Federal investigators from the United States joined a panel meeting in Zurich that included Interpol and betting monitoring experts to oversee "timely handling of integrity matters" at the tournament that starts on Nov. 20, FIFA said on Thursday.
Their cooperation follows more than seven years after a United States federal investigation and related Swiss case was unsealed that removed a swath of international soccer officials and led to FIFA’s then-president Sepp Blatter being banned for financial misconduct.
FIFA is teaming with the FBI also because the U.S. co-hosts the next World Cup with neighbors Canada and Mexico.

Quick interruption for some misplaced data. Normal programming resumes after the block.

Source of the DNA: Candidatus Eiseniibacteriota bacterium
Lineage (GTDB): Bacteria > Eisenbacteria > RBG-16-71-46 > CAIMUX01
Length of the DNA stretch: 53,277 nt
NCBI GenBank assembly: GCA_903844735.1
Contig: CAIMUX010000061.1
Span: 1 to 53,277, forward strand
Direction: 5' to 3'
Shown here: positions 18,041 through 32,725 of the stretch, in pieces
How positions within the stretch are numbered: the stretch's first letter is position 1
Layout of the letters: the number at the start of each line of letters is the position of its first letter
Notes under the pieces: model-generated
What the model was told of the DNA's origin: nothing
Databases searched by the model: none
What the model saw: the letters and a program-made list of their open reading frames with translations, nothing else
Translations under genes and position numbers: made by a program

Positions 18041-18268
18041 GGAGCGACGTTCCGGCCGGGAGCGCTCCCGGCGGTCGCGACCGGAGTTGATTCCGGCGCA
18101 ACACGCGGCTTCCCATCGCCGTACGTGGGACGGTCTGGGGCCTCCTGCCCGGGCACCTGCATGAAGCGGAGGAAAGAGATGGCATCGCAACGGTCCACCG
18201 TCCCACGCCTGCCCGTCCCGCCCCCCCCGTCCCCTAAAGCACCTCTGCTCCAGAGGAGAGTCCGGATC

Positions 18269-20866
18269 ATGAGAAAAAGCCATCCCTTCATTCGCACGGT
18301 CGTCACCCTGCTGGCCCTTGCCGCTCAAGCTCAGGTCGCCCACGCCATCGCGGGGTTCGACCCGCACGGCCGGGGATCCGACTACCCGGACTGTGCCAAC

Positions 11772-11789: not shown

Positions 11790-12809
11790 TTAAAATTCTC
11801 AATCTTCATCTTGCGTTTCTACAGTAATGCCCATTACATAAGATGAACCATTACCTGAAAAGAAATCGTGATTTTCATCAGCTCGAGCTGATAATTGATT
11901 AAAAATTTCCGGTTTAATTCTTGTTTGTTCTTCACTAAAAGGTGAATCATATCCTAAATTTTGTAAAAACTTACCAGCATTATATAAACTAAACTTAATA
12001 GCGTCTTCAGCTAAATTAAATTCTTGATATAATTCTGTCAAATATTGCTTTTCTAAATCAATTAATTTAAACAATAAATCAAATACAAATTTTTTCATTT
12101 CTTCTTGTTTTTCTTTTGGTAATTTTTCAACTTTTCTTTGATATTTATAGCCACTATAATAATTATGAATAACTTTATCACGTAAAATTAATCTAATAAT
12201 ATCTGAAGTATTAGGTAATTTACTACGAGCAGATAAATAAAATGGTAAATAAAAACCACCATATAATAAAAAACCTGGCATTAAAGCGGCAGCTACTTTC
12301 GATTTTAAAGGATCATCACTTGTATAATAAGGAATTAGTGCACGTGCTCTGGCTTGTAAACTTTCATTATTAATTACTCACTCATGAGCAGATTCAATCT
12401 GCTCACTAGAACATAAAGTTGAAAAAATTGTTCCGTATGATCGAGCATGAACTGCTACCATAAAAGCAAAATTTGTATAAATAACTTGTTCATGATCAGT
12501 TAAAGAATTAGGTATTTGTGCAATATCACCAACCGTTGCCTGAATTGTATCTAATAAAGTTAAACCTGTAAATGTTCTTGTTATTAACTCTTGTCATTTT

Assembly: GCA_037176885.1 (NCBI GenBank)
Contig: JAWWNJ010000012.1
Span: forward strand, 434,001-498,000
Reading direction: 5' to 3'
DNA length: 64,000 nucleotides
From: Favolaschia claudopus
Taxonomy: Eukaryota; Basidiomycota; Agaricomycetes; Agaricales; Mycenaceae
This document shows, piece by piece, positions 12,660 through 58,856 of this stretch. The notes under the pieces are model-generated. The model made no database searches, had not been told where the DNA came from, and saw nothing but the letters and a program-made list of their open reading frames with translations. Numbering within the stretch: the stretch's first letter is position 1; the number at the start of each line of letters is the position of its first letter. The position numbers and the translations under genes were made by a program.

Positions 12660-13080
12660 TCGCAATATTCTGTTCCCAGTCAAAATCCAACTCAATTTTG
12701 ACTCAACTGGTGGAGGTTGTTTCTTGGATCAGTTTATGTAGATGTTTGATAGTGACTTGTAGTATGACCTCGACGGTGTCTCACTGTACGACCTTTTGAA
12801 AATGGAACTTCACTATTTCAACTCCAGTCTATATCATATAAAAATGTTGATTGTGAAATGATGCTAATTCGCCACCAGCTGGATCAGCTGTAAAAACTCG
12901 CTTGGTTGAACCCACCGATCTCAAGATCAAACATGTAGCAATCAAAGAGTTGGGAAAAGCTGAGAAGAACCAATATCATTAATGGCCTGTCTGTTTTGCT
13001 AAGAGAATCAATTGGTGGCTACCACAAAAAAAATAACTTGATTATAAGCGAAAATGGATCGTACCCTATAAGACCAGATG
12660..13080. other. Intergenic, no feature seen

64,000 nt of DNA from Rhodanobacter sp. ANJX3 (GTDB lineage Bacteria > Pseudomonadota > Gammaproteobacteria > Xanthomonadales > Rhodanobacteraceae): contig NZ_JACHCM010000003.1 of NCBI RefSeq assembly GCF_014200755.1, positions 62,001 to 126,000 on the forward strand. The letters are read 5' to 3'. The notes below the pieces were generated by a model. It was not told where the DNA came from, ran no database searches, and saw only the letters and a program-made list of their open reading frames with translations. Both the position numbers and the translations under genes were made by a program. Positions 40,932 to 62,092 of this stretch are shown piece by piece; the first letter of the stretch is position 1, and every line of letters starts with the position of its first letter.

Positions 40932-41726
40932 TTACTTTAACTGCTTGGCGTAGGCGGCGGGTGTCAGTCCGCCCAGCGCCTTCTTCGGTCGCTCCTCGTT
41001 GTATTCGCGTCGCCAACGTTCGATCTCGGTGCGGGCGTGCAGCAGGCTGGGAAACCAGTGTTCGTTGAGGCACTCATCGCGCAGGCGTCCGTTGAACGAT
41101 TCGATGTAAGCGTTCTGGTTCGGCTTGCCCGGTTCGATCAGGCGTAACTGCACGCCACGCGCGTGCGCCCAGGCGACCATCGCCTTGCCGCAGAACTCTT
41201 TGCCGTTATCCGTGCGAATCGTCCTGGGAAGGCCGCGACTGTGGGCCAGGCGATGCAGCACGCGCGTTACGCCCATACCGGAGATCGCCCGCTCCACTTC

The FBI "as the principal law enforcement and investigative service of the United States will be joining the group to contribute with its experience and expertise, also in preparation for the FIFA World Cup 2026," FIFA said.
FIFA said its Integrity Task Force will monitor "betting markets and in-game action in real time" for the 64 games being played in Qatar.
National team soccer was hit by match-fixing scandals in 2010 and 2011 that typically involved corrupting referees of friendly games that were targeted for betting scams by Asian crime syndicates. Several referees implicated in fixing were removed from FIFA's list of officials approved for international games.
Blatter, now 86, was acquitted of wrongdoing in July by judges at the Swiss federal criminal court after a case that took more than 6 1/2 years to bring to trial.